Monday, September 5, 2011

Reality Check

I'm trying to resume my normal schedule.  Within twelve hours of getting off the plane from Dublin, I was in front of 26 new students.  Tomorrow night I begin my adjunct instruction at SNHU.  I am fortunate that I love my work.  The word vocation comes from the Latin voco- meaning a calling.  I think that I have been called to teach and to teach teachers.  But I have been spoiled. 

There is an expression, "The glory of God is man fully alive."  If that is true I have lived in God's glory for the 11 days I spent in Ireland.  I wish I had words to express what I have learned and experienced.  A couple of firsts-
          - Wellies (Wellington Boots)  Hey I watch Masterpiece Theater.  I've seen the Basil Rathbone movies portraying Sherlock Holmes.  They always walk around with their Wellies.  So for a full week I envisioned myself with Basil Rathbone walking the moors.  In all honesty my Wellies came from WalMart and I did not wear my tweed jacket and cap.
          - Bangers and Champ-  Ok, it's just sausages and mashed potatoes, but doesn't it sound better saying "bangers and champ."
          - Magners-  Guinness, be gone!  Magners is apple cider with the mildest of kicks.  I downed my first within 5 minutes and learned to slow down after that.  Let us say it is too good.
          - Irish whiskey-  I'm not much of a drinker, but I had about 3 hours to wait at Duty Free.  They had samples of several types of whiskey.  So what do you do when you have time to waste.  Keep walking the circle of samples until someone notices it is your 5th visit.
And the experiences?  Well I have a new appreciation for the work an archaeologist does.  Folks keep asking if I'm over my jet lag.  Jet lag was not the problem.  The problem was fatigue.  Digging, scraping, shoveling, spading, hauling, kneeling and scraping, kneeling and digging, then holding onto the shovel to stand upright because my back gave out and knees refused to work.  I begged Stuart to just leave me in the hole and cover me with dirt, but he said that would compromise the site.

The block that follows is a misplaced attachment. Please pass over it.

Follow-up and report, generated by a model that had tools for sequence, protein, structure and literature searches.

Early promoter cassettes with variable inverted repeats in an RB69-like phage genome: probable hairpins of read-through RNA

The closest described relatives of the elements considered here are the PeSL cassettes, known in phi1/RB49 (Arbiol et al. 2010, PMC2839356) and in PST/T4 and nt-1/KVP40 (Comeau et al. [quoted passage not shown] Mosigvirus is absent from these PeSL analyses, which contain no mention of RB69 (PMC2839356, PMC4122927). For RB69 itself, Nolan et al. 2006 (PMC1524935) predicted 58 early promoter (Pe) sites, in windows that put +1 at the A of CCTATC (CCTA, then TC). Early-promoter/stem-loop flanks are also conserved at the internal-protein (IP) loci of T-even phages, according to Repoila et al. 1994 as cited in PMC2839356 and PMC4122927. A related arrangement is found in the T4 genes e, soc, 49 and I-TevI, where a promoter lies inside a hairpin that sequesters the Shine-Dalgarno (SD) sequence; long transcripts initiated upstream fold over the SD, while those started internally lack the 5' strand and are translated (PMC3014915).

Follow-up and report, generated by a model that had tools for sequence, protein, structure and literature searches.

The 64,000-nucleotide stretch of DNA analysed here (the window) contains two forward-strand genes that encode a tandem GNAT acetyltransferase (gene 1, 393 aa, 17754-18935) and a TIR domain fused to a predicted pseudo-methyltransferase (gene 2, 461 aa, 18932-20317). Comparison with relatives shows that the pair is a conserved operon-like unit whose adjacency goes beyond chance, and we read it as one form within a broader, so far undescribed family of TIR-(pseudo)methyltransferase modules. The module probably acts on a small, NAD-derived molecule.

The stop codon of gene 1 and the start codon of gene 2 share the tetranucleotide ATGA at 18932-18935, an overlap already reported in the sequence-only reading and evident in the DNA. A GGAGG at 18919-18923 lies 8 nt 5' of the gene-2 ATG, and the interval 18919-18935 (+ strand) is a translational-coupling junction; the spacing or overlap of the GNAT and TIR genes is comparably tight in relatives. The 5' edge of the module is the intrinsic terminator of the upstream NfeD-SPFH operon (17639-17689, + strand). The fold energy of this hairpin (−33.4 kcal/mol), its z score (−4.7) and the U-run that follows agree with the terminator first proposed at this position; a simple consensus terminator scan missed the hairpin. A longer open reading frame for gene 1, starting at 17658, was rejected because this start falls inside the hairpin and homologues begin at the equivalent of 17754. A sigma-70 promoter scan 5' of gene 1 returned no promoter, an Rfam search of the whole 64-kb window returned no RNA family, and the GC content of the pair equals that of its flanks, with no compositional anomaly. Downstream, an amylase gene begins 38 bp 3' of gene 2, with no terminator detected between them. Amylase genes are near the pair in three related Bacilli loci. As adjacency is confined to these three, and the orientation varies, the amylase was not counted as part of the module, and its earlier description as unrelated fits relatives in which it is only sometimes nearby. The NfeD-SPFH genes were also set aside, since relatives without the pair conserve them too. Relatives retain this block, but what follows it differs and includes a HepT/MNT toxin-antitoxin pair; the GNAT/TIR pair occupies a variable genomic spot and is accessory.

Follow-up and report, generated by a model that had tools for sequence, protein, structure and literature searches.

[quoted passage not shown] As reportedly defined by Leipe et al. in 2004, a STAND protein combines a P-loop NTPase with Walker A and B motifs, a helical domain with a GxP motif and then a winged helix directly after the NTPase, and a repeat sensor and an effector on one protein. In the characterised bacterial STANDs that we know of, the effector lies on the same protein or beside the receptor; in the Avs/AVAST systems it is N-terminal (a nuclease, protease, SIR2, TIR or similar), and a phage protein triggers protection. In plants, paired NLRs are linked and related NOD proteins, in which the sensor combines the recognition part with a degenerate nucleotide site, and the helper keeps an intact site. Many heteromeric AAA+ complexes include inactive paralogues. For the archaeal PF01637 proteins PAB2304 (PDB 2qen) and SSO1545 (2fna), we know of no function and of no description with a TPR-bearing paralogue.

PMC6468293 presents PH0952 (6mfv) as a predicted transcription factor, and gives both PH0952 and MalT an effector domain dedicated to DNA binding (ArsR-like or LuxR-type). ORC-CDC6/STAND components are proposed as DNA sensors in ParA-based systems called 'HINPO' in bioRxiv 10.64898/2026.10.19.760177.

For two years I've complained that I can't get a straight answer out of Colm or Ronan.  As the week progressed I found myself saying, "This is perhaps, maybe, sorta, could be....... ."  They have brainwashed me.

So again folks keep asking what was the best part of the trip?  With my whole heart I can say the folks I worked with.  To be given this opportunity by the University, to be in the presence of professionals who love their work and wish to share it with you, and most of all to be with a team of individuals with their likes and differences and to be part of the community.  That's what was formed- a community, a family of sorts.  There were times of sharing, teaching, supporting, and bonding.  That to me was what I will take away the most.  I miss them all already.

Now you may think this is the end of The Big Dig 2011.  No way!  Since our return Colm has had us investigating new leads.  How about a second Hugh Cummiskey!!!!  Say what?  Yup.  The Cummiskey clan was a lot larger than we thought.  Putting the pieces together may lead to new revelations to our Hugh.  On top someone who saw the BBC piece in N. Ireland has sent Colm a new lead on that side of the Atlantic.  I have decided to seek a sabbatical and become a full time Cummiskey investigator.  (Hey, I never thought I'd be at Crossan, so a paid sabbatical is not that far fetched.)

Lastly, don't forget the St Pat's Cemetery tour on Saturday, September 24th.  We've gone some new stories to share with you and we'll be placing a piece of Hugh's homestead into his grave.

1 comment:

  1. David,

    What time does the the St. Pat's tour begin?